This week meet Kat O’Brien Skerry, our Public Engagement Officer, who has been taking Zooniverse projects into schools around the UK.
Name: Kat O’Brien Skerry
Location: University of Oxford, UK
Tell us about your role within the team
I joined the team in January 2022 as a Public Engagement Officer and I work on a fixed term contract bringing the Zooniverse to schools and educational settings around the country.
What did you do in your life before the Zooniverse?
My background is in STEM education having originally trained as a physics and maths teacher. I moved from there into informal education and most recently spent 5 years at the science museum in London in their learning team.
What does your typical working day involve?
My role is split between delivering workshops in schools and developing those workshops and convincing schools that they’re a great idea. So some days, I will be in classroom leading hands on activities, getting kids stuck into the Zooniverse, or facilitating zoom calls with the researchers. Some days I will be trying out experiments and explanations on anybody who I can find who appears (reasonably) willing to play. Some days I have a bit more of an office life and I’ll be finessing what we’ve done, contacting schools and all that stuff..
How would you describe the Zooniverse in one sentence?
A one stop shop for citizen science.
Tell us about the first Zooniverse project you were involved with
I first used Galaxy Zoo as an activity in a STEM club that I was running and had just as much fun playing as the kids did. Being added as an editor on projects so that I could take on this role was pretty terrifying!
What’s been your most memorable Zooniverse experience?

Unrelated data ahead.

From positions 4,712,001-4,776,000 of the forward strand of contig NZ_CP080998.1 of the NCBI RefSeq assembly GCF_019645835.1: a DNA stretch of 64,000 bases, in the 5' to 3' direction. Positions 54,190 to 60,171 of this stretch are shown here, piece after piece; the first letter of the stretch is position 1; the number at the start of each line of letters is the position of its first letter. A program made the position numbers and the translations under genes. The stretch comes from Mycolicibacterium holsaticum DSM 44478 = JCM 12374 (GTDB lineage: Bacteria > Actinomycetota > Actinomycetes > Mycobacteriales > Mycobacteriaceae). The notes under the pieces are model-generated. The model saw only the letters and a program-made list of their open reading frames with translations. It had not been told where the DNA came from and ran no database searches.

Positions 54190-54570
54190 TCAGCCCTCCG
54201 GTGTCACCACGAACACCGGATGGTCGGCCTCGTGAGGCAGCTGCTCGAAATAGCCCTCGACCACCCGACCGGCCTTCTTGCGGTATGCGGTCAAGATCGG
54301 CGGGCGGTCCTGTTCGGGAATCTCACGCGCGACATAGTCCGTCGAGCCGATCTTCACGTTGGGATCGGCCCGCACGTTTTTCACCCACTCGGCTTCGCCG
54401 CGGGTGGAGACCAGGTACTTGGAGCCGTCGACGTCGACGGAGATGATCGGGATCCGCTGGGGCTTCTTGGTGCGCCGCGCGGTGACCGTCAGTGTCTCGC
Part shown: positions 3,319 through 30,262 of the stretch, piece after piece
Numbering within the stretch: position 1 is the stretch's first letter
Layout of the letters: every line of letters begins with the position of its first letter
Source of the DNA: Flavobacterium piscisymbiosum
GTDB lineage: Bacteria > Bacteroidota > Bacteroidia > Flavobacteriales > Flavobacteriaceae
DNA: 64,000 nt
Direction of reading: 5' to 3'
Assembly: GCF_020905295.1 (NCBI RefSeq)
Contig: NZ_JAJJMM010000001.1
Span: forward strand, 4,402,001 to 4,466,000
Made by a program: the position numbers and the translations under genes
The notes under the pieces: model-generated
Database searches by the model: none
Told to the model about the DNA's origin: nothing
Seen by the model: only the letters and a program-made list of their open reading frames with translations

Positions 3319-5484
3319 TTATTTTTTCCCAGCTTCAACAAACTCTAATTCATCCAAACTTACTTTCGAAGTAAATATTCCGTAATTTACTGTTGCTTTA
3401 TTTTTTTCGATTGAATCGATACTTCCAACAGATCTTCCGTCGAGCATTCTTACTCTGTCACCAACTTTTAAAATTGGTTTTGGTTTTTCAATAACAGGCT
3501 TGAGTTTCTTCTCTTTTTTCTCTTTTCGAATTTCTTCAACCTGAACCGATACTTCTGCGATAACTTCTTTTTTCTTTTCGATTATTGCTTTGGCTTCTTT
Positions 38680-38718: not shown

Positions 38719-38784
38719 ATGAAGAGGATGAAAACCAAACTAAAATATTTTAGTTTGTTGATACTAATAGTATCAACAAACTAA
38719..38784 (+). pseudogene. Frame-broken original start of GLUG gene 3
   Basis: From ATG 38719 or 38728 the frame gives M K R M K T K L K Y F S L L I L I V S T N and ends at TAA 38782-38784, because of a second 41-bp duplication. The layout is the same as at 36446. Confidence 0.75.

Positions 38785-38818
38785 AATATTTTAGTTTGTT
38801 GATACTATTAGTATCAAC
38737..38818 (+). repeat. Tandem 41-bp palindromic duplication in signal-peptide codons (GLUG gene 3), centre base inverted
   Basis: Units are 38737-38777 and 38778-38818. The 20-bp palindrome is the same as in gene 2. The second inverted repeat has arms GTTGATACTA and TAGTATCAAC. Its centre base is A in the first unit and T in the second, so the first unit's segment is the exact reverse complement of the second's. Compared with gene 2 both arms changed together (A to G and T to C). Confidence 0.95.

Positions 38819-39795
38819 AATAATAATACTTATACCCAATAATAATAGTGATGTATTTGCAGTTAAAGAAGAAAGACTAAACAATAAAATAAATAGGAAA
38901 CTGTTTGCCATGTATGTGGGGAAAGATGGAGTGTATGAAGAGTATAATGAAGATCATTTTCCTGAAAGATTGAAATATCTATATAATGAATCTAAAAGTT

The feedback from one of my most recent schools was just the best. I had one pupil ask me, wide-eyed, “Did I really do actual science?” and respond to my “Of course you did!” with “Wow, maybe I could be a scientist”. I could have cried. To me, Zooniverse is a way to get kids to see themselves as scientists and seeing that impact becoming real is wonderful.
What are your top three citizen science projects?
I’m biased by the two I work on, so Galaxy Zoo and Science Scribbler: Virus Factory. But I also have a real soft spot for the Davy Notebooks Project because I’m a big history of science fan.
What advice would you give to a researcher considering creating a Zooniverse project?
Again, I’m biased, but think about if it could be useful in outreach!
How can someone who’s never contributed to a citizen science project get started?
Give it a go! There are so many great projects out there from annual birdwatching and insect hunts which you can do at home, to more supported projects in museums if you want a bit more help as you get started.
Where do you hope citizen science and the Zooniverse will be in 10 years time?
I’d love to see citizen science embraced as a way to make science education and outreach more meaningful for both schools and researchers, and Zooniverse as a means to do so.
When not at work, where are we most likely to find you?
I’m studying for an MA in Education at the moment (specialising in STEM education) so spend a lot of time in the library. Otherwise, I am found inexpertly herding and raising a small menagerie of children, chickens and chameleons.
Do you have any party tricks or hidden talents?
I can come up with a kid friendly STEM activity for almost anything. And will. Often without being asked.